Veterinary Technician

by Dom
(MA)

Hi, although I have not recently lost a pet I would like some advice. I have been through two years of school and I have recently been hired as a Veterinary Technician. Although we are taught the process of euthanasia, they do not teach us how to deal with the emotional loss of the pet. I usually have to go in the room before an animal is euthanized and place the catheter into the vein. I'm not always sure what to say to the owner. Has anyone said something to you that was comforting that helped you through the difficult time?

Comments for Veterinary Technician

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Jan 24, 2014
Crossing that rainbow bridge
by: Anonymous

I shadowed today at a clinic and the owners of a beautiful boxer came in and decided it was time to euthanize their baby. They decided they just couldn't be there for it so I took her in my lap and loved on her until the very end and long afterwards. I cried my eyes out and as I'm writing this am still crying. Even though as a vet tech I shouldn't be so soft, I couldn't help but be emotional. I gave their beloved pet as much love as I would have given my own dog. I guess that's why I'm going to school for this field. I wish the staff at the office I had my boxer put to sleep at would have shown some more emotion than the hard looks on their faces as the gave that last injection to my dog. They almost didn't seem human to me. Please don't let the euthanasia turn you hard and stoic, stay real and give the client a hug if that's what you need to do.....they will appreciate it long after the day is over.

Aug 28, 2012
Words Aren't Important
by: Patricia

Dom, my kitty Jericho was put to sleep just a week ago. With me, what mattered was not so much what the vet said, as how gentle and loving they were to me and my pet. They hugged me, held my hand, the vet assured me that I was doing the right thing for Jericho, and she shed some tears too. She had, after all, been my kitty's vet for 15 years, so she was in an emotional state of mind losing him too. She stroked Jericho, whispered loving words, and treated him so gently. I may forget some of the words she spoke that day, but I will never forget the kindness and loving concern she showed for both me and my kitty.

Aug 24, 2012
I know it's not easy
by: Anonymous

I'm one of those pet owners who have, unfortunately, seen far too many of her beloved pets put to sleep. Even wrapped up in my grief during the procedure I am aware that it must be difficult for the technician and the veterinarian. You're dealing with an emotional owner who may not always respond well to what is going on.

Really all I can say, from personal experience, is that showing kindness and compassion is the best thing you can do. Let the owner know you sympathize, that you know this isn't easy for them, and most importantly don't rush them but let them have as much time as they need to say their goodbye before ending the pet's life. It's the last time we'll ever be with them in this world, and it's a painful, difficult parting for many of us. Even when we know it's the right thing to do, we deep in our hearts wish we didn't have to.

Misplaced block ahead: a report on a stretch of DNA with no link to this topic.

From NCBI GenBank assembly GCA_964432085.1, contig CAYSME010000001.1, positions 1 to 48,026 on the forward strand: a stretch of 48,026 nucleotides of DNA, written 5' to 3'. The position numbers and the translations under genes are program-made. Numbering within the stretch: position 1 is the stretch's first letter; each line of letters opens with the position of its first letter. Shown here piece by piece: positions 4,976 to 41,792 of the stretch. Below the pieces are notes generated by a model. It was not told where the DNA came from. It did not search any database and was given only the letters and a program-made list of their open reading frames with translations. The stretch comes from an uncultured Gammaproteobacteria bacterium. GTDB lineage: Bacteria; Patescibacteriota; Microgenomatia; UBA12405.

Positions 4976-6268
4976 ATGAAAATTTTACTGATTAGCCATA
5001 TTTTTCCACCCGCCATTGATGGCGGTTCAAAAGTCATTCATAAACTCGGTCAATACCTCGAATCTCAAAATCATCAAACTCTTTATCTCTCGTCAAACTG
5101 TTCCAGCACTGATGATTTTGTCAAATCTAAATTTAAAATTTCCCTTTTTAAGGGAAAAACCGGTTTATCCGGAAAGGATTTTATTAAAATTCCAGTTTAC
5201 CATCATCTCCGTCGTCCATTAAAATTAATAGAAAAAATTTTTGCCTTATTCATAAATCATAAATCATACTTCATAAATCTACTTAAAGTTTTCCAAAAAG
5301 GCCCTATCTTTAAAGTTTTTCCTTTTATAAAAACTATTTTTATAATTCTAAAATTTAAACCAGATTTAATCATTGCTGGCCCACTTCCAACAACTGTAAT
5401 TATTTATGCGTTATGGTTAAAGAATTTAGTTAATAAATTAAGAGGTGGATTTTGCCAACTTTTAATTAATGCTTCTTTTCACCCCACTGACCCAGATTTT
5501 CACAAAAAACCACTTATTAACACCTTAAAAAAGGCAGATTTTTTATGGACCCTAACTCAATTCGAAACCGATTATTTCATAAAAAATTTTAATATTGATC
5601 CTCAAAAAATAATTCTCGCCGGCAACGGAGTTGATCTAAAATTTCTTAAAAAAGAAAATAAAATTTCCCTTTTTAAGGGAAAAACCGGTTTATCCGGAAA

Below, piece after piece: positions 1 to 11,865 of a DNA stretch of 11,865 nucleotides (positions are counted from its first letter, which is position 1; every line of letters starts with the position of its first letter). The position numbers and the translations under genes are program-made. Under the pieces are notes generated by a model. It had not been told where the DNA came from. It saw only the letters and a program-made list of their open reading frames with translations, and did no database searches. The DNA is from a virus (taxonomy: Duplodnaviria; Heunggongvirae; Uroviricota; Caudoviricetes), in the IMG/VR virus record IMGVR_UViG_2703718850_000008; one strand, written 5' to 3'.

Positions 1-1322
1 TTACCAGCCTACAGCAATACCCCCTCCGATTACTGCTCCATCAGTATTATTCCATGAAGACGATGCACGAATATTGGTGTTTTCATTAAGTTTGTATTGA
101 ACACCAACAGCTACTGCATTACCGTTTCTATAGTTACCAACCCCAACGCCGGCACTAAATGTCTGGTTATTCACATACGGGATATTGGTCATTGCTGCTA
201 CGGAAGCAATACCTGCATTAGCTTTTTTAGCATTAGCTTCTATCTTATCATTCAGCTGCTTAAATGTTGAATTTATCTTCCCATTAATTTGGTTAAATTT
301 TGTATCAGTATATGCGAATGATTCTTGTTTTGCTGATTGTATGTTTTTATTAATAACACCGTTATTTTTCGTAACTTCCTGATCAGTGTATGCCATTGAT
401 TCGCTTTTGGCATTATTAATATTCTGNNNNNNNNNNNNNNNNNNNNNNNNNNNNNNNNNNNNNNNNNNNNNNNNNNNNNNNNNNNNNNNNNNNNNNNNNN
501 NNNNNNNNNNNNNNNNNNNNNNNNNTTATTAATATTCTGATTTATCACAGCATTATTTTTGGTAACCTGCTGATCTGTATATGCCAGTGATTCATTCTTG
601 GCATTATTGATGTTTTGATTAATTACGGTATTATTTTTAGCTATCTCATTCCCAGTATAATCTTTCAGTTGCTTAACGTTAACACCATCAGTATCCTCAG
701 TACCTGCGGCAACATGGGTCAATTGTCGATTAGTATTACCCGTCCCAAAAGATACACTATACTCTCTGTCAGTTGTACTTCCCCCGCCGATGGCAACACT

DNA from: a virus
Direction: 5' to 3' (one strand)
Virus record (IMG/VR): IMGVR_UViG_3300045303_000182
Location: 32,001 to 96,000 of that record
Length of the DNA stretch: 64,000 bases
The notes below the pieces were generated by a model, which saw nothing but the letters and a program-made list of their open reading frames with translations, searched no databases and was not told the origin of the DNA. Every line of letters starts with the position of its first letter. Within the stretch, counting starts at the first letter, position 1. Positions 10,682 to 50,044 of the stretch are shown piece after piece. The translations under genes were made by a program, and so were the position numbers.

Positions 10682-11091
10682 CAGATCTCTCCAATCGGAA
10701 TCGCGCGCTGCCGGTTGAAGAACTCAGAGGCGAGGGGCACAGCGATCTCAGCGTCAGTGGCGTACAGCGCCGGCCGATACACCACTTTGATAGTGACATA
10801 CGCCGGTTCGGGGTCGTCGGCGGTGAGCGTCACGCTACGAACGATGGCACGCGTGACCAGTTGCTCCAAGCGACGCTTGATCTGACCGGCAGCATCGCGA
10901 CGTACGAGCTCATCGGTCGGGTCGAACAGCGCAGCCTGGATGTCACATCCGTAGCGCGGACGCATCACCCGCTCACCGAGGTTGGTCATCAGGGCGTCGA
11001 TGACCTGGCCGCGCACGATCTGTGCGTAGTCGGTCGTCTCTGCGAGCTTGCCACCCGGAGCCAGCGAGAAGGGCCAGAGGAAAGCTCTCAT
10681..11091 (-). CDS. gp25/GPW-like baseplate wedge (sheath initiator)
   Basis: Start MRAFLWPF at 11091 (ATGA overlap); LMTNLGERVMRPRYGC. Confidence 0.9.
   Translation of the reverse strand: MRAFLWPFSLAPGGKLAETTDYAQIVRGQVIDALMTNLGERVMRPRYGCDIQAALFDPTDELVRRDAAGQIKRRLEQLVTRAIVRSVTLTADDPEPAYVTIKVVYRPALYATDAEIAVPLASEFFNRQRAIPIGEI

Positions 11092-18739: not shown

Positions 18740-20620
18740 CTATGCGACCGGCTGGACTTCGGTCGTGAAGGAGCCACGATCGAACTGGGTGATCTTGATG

Aug 14, 2012
Losing a well-loved pet
by: Marji

I've lost more pets than I like to think about, but our dog Bup (Butterscotch) was the hardest. He was in such pain from arthritis, and finally we had to have the vet euthanize him.

The vet and staff were SO great to us...give us a blanket to spread out on the lawn and helpedus get Bup comfortable. The staff gave Bup an injection so he was not in such pain and we were able to pet him,hug him,cry and say our goodbyes before the final shot. Even as I write this the tears are flowing; this was over 20 years ago.

I know in today's world this is probably unlikely, but it made it so much more bearable.

Just say what feels natural--the owners will understand.

Aug 10, 2012
Veterinary Technician
by: Doreen U.K.

Dom I don't have any experience so as to advise you. A pet has a life just like we do. A relationship with a pet can sometimes be more special than a relationship with a family member or friend. The pain and grief of a loss is so very painfull that many people avoid being around someone with a loss because it makes them feel awkward and uncomfortable by not knowing what to say. Just be yourself. Don't try to say something because you think you have to. This is the mistake many people make. "WHAT SHOULD I SAY?" "WHAT DO I DO?" Even just sitting with that person in deep silence says much much more than words could ever say. Showing people you care. Being thoughtfull in whatever way you think. Each situation will be different. You will gain experience and know what to do in time. No person has all the answers. You learn through life. The key is to say nothing when you don't know what to say. That way you avoid saying the wrong thing. You won't need to feel guilty over it. Your presence will speak volumes. Best wishes.

Aug 09, 2012
Be Yourself
by: Anonymous

Hi Dom,
I was a veterinary technician for 10 years and I know only to well what you will be dealing with. Euthanasia of a pet is just as hard as loosing any other family member to most people. Just be yourself and treat the pet owners as you would want to be treated in the same situation. I don't think there are any magic words for this situation, unfortunately.
I usually found it helpful to help them remember the good times with their beloved pet. You will find that your emotions get involved as well, especially if this has been a long term client. Don't be afraid to let your emotions show. I have found that showing my tears during a euthanasia made the client feel more comfortable about expressing their emotions.
It's not an easy job, this is part of the life cycle. Always remember to show compassion and caring and you will do fine.
Good Luck!

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